Emilia Clarke rose to fame on Game of Thrones as steely queen Daenerys Targaryen, mother of dragons, leader of armies, possessor of cascading platinum locks unbothered by even the faintest hint of brassiness. Off the series, however, she’s tended to come across as gleefully unregal, a woman whose expressive eyebrows can conduct entire conversations of their own on her forehead. Until Last Christmas, none of Clarke’s roles highlighted this good-time goofball energy, much less effectively harnessed it. But as Kate, an aspiring singer and current elf-costumed retail worker, the actress gets to operate in a mode that suits her — that of the endearing mess, coasting by on shambolic warmth and you-know-I-didn’t-mean-for-that-to-happen winces for longer than should really be possible.
Last Christmas is a bit of a mess itself — a disjointed jumble of romantic comedy, holiday fantasy, love letter to the music of George Michael, and pro-immigrant statement. Whether it’s as endearing as its heroine is a complicated call to make. The film, directed by Paul Feig and co-written by Emma Thompson (who also plays Kate’s Yugoslavian mother, Adelia), doesn’t aspire to excellence. It aims instead for the reassuringly preworn quality of a VHS tape someone might dig out of a drawer to watch at a family gathering because their uncle still happens to own a VCR. It has a twist so telegraphed that you might wait for there to be another, cleverer one on top of it (you will wait in vain!). It makes no real attempt to pull its many disparate threads together coherently, or to present its London as anything other than adorably twinkly. It is, despite or because of these things, a cozy viewing experience, which means that it’s accomplished what it set out to do and will doubtless be put into seasonal rotation on cable networks as soon as possible.
So: Kate is a rambunctious 20-something Londoner who’s been stuck in neutral ever since an unexpected, serious health scare a few years earlier. She’s been testing the patience of her friends and flatmates with her inconsiderate flakiness, not to mention the owner (a marvelously unimpressed Michelle Yeoh) of the Christmas tchotchke shop at which she works. Her family lives nearby, but she avoids them and their dramas in favor of crashing on couches, and when she runs out of those, trolling for someone acceptable at the pub (which is what she does, with less-than-ideal results, when the movie begins). That is not, however, how she has her meet-cute with Tom (Henry Golding), the handsome, impossibly wholesome, overtly mysterious bike courier she soon finds herself falling for. Tom just turns up outside her work one day, and, like the manic pixie [redacted]boy he is, starts wooing her with tours of the city’s hidden secrets and stealthy forays into closed ice-skating rinks.
It’s not, for reasons both too spoiler-y and metaphysical to go into, the most effective love story. It is a somewhat better one about self-improvement, if only because Kate is such a plausible sort of minor asshole, someone who likes to bemoan all the bad things that happen to her while never considering that any of them could ever be the result of her own actions. Clarke keeps her character just on the right side of applaudable, even when she’s doing things like impulsively outing her sister, Marta (Lydia Leonard), at the dinner table. As Kate’s relationship with Tom grows, he pushes her out of what’s become her comfort zone of carelessness, to reengage with the people she cares about and with the world, steering her toward the homeless shelter he volunteers at. The corniness of it is balanced by how relatively inept Kate remains — when she starts trying to make amends for her own selfishness, it’s not with grand, sweeping fixes but with small, awkward gestures.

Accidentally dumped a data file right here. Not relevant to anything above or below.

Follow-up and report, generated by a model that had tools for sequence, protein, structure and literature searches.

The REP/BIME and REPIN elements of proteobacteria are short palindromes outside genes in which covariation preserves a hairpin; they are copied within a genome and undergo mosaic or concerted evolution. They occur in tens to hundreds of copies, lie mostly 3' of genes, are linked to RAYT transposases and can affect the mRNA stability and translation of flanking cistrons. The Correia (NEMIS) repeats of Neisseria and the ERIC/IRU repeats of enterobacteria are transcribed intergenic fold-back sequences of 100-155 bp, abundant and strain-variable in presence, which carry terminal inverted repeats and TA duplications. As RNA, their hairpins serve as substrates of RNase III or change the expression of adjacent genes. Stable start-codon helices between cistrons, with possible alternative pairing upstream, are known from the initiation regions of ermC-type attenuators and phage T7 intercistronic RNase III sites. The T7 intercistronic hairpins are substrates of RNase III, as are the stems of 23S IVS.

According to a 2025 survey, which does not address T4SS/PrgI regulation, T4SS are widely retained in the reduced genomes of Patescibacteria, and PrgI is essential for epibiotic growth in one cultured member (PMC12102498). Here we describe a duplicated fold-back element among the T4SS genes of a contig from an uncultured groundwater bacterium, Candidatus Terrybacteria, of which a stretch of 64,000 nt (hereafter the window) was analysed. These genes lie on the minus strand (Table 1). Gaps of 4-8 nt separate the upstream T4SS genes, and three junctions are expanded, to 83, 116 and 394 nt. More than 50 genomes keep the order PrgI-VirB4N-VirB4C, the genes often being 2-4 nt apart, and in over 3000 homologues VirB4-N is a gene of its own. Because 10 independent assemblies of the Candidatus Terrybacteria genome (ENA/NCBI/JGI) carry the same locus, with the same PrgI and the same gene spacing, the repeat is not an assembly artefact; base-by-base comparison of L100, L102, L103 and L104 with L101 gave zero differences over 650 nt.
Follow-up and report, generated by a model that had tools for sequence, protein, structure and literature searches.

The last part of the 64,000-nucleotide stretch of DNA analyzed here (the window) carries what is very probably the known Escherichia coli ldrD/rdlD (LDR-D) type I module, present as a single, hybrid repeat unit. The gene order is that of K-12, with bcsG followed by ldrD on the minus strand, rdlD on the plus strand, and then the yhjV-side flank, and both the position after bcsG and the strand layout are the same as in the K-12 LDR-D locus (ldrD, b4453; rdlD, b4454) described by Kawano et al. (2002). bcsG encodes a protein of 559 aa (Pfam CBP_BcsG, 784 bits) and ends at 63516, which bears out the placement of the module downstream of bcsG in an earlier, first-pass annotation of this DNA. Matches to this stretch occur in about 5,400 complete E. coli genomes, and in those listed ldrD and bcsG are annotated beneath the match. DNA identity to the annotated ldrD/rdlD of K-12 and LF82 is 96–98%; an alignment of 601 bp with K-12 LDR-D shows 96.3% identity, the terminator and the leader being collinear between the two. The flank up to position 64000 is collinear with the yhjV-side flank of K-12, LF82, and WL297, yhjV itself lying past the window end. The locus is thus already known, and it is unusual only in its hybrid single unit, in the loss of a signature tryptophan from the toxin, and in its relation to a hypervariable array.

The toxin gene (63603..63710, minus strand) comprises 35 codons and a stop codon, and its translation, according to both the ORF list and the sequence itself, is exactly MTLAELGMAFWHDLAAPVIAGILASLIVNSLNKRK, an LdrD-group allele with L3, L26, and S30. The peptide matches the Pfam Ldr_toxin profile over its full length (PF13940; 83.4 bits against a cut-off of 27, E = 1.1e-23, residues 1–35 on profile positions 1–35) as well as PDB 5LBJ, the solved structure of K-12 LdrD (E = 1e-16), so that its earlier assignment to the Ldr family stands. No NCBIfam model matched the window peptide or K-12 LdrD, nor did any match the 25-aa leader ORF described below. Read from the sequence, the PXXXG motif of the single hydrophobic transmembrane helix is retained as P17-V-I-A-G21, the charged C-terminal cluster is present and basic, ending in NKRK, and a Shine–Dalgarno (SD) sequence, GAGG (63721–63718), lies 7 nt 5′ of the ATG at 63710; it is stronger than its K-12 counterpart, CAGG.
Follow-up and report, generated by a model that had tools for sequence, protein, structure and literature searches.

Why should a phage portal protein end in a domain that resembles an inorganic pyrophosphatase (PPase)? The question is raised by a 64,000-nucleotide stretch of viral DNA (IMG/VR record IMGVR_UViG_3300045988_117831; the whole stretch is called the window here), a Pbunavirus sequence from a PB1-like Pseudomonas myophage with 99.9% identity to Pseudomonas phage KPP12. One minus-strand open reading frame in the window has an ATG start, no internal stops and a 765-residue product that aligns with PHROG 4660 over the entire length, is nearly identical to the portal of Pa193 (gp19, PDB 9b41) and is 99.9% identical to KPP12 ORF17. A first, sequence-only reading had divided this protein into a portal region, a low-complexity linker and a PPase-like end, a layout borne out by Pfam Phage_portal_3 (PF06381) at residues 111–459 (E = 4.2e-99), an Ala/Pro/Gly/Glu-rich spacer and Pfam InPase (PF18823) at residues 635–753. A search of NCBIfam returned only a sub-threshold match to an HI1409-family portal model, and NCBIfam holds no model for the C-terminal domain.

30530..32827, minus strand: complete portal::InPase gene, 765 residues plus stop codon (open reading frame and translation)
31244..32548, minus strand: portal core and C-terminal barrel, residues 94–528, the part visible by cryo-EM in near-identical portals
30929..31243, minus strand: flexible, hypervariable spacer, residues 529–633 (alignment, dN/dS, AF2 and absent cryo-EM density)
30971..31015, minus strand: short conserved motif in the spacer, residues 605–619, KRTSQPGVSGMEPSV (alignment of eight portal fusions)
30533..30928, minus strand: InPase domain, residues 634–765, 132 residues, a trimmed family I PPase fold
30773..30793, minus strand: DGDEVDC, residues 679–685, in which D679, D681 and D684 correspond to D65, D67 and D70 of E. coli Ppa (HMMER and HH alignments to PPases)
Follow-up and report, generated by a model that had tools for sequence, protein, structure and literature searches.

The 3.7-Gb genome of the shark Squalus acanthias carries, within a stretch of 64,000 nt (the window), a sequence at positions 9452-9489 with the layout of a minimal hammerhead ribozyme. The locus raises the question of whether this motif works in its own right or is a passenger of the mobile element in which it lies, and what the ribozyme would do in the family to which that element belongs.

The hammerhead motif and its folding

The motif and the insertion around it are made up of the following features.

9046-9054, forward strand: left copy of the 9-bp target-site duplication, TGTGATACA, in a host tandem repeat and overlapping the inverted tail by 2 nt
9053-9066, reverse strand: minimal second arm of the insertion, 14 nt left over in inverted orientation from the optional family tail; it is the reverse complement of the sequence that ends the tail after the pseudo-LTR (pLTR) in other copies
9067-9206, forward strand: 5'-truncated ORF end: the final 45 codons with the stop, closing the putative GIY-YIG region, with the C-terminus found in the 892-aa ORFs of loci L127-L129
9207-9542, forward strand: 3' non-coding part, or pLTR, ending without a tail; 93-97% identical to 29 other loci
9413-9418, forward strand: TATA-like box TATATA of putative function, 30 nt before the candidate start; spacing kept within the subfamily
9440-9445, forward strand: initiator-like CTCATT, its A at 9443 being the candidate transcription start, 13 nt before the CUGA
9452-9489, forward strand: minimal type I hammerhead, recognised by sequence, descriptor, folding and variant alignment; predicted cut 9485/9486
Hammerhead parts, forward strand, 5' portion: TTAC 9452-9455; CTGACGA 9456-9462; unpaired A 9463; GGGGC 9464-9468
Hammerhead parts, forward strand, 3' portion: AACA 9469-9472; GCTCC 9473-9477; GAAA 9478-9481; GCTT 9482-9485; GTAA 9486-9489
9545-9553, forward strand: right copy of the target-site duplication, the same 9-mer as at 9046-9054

Sweet as those moments may be, they’ve got nothing on the most moving element of the movie, the one that also happens to be it’s most jury-rigged. Last Christmas has way too much going on to devote adequate time to really filling out the fact that its central family are Balkan refugees. But it is present underneath everything else going on, from the anglicized name that Kate (born Katarina) insists on going by to the cautious half-existences of her parents. The movie suggests that they were derailed by the trauma of war in a way that echoes Kate’s more personal ordeal, and that they’ve felt too scarred by what happened to them to ever really relax into the lives their now very British daughters take for granted. Kate and her family are not the only immigrants in the film — the London of Last Christmas may be cloyingly quaint in appearance, but it’s pointedly international in population. When Thompson’s character, watching news about Brexit on the television, mournfully places the decision in a larger historical context of xenophobic scapegoating, the clunkiness of how the moment comes about doesn’t matter. Sometimes you just have to let yourself be a sucker for the obvious — whether it’s for a holiday movie, a ridiculous romance, or an awkwardly grafted-on but very timely theme.